Many of you are familiar with William Alexander’s book, The $64 tomato. In its pages he installs thousands of square feet of new garden space and then does the unthinkable–adding up how much it all cost him, down to how much it cost him for that Brandywine tomato he was holding in his hand. (Sixty-four dollars per tomato, as you might guess from the book’s title.)
Pricey, for sure, but in the end he comes to a conclusion about gardening: “It’s not about what it actually costs to eat this piece of fruit. It’s really about lifestyle.”
One of my little lifestyle indulges is apricots. I love apricots. John loves apricots. But the apricot-shaped objects you get in the stores around here have nothing to do with what the fruit should taste like.
It seemed like a no-brainer: We could plant a tree of our own. We could pick the fruit when it was ripe, not when it was deemed at the proper stage for picking and transport by some industrial fruit-growing outfit hundreds of miles away.
The real no-brain part of this adventure kicked in after we actually put the tree in the ground. Coastal San Diego has winters that tend to be too mild for apricots to set fruit, even if you select the low-chill varieties. The tree always blooms, usually just a few cluster of flowers on random stems distributed around the tree. I see bees visiting the flowers. I’ve even tried my hand at pollinating them myself. But those flowers don’t usually turn into fruit. If we’d really been thinking we wouldn’t have bothered trying to grow one in the first place.
Last year was the best in the over fifteen years the tree has been in the ground, when the tree set almost twenty fruits. Out of those we probably got something like eight or nine before the critters got to them.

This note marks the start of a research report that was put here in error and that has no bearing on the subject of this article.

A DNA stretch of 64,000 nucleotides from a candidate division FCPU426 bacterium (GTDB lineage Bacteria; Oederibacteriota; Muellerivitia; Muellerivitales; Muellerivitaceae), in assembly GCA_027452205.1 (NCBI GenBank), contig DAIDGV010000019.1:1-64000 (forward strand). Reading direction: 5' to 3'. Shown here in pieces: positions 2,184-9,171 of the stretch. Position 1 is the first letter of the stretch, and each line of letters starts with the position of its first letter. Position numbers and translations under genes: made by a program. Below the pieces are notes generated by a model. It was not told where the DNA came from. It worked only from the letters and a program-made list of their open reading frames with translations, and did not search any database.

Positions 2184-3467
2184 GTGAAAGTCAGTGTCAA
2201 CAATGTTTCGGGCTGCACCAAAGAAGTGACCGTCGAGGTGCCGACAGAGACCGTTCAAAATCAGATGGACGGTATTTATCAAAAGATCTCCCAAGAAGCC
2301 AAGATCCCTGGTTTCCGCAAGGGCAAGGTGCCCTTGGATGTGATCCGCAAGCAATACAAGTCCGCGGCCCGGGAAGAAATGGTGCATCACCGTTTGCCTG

This year we’re down to one fruit, and it still hasn’t gotten to the point where we can pick it. It’s down to the final few days, and it’ll be a race against the critters.
Why do we pursue this perverse lifestyle, chasing the occasional apricot? In the years when we get fruit it’s always a revelation: The scent that prepares you for the first bite of fruit. The delicate balance of tartness and sweetness. The absolutely perfect sensation of all the things a good apricot should be.
But as I think about things like sustainability and what’s the best use of soil in a garden where cosmological space seems to be contracting, this indulgence is getting harder to justify. A new plum tree twenty feet away has already borne two fruits, and a fig nearby is suddenly covered with tiny figs. There are better choices out there than trying to make an apricot thrive where it wasn’t designed to grow.
At the top of the list for an apricot replacement next fall is the loquat. Delicious fruits. Low water needs. Ornamental evergreen tree, with a manageable final size. And the tree actually bears well in this climate.